social skills keep him engaged for the present.
I have scheduled a meeting with the teacher and principal to
discuss differentiated instruction for the classroom, but my hopes are not
high that it will go anywhere. I am not in a position to give a lot of
energy to this issue right now as I am undergoing chemotherapy, but the best
scenario that has come to me so far is finding a college or graduate student
who is willing to work with a precocious third grader for enrichment to see
if we can challenge the system and have him accelerated a grade before next
This comes from a parent who is completely committed to
public education as the best option for our society's children that has the
potential for not leaving anyone out due to the vagaries of class and race
that are determined by the circumstances of birth. We have developed a
society of privilege for the few, despite the promises on which our
democracy was founded. We must hold the education system accountable to
correct this evil.
This story is only relevant because I've met so many adults for whom it
is also true. If it was true back when, most likely it's even more true
now... and worse.
It's about math education. Math is one of those topics where
if you really know it, you're probably not teaching it in a public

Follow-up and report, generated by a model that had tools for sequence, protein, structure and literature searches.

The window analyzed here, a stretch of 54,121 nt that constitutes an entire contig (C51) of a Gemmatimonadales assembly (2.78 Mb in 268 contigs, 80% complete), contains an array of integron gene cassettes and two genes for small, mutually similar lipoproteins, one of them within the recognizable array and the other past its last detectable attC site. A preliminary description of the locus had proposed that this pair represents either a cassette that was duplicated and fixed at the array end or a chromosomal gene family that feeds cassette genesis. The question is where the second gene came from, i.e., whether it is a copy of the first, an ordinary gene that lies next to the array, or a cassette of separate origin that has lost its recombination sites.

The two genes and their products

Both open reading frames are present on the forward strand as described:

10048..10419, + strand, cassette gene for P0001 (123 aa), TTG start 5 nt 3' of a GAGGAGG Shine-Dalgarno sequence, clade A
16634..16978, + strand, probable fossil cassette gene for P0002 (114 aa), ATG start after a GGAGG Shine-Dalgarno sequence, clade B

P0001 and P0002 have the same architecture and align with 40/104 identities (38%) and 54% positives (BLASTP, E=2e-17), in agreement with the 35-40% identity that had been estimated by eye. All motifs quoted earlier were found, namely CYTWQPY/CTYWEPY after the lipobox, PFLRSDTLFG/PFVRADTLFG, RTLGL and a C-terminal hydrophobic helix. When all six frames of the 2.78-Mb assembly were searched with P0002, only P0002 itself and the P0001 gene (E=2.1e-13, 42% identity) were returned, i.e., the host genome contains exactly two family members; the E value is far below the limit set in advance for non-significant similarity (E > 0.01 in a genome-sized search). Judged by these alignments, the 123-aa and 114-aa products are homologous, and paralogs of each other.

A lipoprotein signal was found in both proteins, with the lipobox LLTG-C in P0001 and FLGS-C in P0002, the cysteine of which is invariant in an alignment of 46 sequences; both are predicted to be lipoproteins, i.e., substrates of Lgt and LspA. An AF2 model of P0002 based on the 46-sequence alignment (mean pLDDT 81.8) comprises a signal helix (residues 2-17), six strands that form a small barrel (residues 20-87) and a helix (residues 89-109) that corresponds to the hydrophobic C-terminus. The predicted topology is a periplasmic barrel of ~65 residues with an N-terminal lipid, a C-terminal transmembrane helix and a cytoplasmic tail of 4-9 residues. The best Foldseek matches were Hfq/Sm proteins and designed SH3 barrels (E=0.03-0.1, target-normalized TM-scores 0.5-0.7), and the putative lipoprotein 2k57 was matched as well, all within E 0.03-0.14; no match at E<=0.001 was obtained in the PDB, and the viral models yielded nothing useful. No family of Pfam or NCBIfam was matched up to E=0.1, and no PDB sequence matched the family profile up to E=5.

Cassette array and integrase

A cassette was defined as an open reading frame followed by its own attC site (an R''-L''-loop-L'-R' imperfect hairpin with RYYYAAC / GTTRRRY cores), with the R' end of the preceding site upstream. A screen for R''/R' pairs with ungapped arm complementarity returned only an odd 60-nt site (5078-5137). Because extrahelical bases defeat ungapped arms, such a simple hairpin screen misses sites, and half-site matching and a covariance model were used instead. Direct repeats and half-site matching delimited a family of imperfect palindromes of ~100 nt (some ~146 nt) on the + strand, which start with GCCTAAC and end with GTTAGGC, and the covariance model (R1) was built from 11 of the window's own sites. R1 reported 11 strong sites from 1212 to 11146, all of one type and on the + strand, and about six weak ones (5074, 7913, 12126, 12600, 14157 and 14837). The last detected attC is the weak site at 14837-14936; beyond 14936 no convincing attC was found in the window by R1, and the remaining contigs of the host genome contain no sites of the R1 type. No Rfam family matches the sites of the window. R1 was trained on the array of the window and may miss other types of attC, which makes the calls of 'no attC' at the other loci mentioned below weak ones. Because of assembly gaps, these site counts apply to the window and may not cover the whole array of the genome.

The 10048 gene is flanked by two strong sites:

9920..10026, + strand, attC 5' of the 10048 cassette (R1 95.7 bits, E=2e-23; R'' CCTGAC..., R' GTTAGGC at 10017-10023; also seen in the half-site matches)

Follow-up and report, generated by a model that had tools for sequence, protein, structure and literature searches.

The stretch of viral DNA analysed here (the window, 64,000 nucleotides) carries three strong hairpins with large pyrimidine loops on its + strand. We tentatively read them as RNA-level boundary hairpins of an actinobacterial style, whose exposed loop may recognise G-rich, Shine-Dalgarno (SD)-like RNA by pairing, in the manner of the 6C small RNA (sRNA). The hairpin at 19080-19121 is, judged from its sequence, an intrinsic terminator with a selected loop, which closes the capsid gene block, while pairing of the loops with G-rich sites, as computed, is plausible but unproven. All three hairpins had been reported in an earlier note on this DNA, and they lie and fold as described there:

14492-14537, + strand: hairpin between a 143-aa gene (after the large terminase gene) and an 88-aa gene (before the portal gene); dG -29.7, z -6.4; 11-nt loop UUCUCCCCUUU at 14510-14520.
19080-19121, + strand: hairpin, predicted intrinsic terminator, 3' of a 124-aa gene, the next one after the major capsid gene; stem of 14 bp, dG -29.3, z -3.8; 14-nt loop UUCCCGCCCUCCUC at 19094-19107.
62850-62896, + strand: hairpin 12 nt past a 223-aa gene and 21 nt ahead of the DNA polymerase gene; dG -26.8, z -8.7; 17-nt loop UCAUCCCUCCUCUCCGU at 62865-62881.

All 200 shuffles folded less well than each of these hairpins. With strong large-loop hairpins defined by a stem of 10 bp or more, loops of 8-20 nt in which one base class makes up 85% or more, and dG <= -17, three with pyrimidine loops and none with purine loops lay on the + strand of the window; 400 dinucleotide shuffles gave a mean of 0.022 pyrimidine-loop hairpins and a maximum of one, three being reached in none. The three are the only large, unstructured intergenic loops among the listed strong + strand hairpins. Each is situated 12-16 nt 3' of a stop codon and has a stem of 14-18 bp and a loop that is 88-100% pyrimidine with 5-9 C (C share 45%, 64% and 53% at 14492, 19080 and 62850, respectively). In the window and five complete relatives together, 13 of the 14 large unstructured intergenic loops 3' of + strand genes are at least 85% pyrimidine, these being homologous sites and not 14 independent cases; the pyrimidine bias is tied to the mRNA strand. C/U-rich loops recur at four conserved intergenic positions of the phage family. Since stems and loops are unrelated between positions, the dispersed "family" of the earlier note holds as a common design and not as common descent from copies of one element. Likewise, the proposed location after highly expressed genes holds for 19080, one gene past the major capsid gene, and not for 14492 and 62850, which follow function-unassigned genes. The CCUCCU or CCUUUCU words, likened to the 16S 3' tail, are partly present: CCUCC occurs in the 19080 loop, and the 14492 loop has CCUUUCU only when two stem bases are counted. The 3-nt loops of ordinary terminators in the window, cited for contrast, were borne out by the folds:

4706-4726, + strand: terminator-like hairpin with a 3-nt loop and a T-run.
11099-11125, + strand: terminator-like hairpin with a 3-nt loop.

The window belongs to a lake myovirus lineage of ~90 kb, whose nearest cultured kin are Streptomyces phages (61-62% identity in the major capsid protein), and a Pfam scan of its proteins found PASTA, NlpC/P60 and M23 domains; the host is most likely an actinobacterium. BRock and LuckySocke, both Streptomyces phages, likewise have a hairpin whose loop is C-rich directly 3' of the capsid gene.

school. At least that's the impression I get from the media. If people
who get math aren't teaching math... then exactly who is?
Me: A formerly gifted kid, now an adult. Math and language
aptitudes average above top 1%, stronger on the math side. Nevertheless,
I failed math twice in High School and was dropped from the math
tracks. This prevented progress in Science and Engineering - topics I
Sad, to be sure, but only interesting beyond my own dinner
table if it's part of a pattern. I have seen that pattern in a great
many gifted adults whom I've met within Mensa.
The story follows this pattern: When first presented with
Algebra in a public school, our spirit soars. It makes perfect sense!
We could see the logic of the formulas without doing the number
crunching. I for one, hated number crunching, as did most kids before
the days of pocket calculators.
We loved learning this stuff wanted more as soon as
possible. Our teachers, following the play book, insisted on five
repetitions of each and every baby step showing all logic. We didn't
even know how our brains gave us the answers, but we did know the
answers, and since that's what "arithmetic" had been about till then,
what's wrong here?
Being at one of those rebellious stages of childhood, we
rebelled at the idea of mindless repetition. Our teachers didn't think
they had to do anything to motivate us beyond giving a failing grade.
Absent a trusted adult to advise us to "just do the blanking repetitive
stuff" we failed. And stopped.
Despite math aptitudes in the top 2%. Madness then. Madness
[this story comes from a parent not in PPS who helped pass the Oregon
[OATAG] Re: What are our rights?
I just had to respond to this thread about 'our rights' as a parent
who's children are grown.
"mjbbeck2003" gave some of the best advice....
follow your heart when it comes to the well-being of your child.
She also stated that she finally stopped listening to the 'experts'
in the system and did what she felt was best for her son.